What’s Interesting About the Missouri Protests

posted in: College Football | 0

cropped-9898602293_c42e30e1ce_b.jpgI’m sure most of you have already read about the Missouri football team joining in a campus protest and refusing to play or practice until the University President resigns.

I’m not going to analyze the protest itself, that’s been covered, and frankly, I’m not on campus and don’t really have anything to add.

What I do find interesting, however, is what this says about football programs at the college level. This is a group of athletes recognizing their position at the school, and placing significant financial pressure on the university. If nothing else, this is a tacit acknowledgement of the financial importance of football. Not being able to play football games would be a huge financial loss, and a black eye to the school’s reputation.

So, if the university wants to continue to profit from playing football games, they are going to have to step in and do something to get the team back on the field. If they do, we’ll have the one thing that the NCAA has pretty much refused to publicly say for all these years, official acknowledgement by a university president that football is a for-profit business.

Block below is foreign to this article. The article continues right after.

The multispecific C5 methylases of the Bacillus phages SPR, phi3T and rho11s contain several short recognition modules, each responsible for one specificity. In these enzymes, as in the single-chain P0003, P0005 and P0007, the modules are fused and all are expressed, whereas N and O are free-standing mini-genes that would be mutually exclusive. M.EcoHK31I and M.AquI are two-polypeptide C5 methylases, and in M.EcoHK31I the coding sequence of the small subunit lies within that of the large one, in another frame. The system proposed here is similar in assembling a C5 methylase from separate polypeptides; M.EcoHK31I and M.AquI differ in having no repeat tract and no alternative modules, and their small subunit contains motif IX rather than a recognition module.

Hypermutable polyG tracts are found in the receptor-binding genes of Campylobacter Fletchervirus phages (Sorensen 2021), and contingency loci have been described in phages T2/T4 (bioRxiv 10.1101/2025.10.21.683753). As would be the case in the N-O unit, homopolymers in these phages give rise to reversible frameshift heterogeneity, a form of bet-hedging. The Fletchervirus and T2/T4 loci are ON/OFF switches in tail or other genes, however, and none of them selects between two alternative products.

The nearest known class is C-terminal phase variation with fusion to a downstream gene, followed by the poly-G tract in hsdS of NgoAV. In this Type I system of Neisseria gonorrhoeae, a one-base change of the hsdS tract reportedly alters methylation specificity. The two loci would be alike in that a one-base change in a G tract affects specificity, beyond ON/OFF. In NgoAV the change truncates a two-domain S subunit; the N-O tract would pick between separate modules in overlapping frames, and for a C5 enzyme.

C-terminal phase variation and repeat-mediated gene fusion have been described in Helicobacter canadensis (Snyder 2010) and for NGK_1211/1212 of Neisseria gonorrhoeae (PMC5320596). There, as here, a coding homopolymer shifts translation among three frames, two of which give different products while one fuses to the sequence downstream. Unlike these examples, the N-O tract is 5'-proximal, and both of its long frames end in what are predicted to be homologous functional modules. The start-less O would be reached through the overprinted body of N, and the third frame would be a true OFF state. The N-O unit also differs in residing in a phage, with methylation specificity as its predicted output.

After all, if football players are just students who happen to play a sport, the correct response to this protest would be to simply shut down the program for this season, take away all of their scholarships, and start over next season. That won’t be the response, but if the NCAA wants us all to view football scholarships as “payment” for playing the game and bringing in millions of dollars of revenue for the school, isn’t that the only choice they have? Or do the players actually have more power than the NCAA wants to admit?

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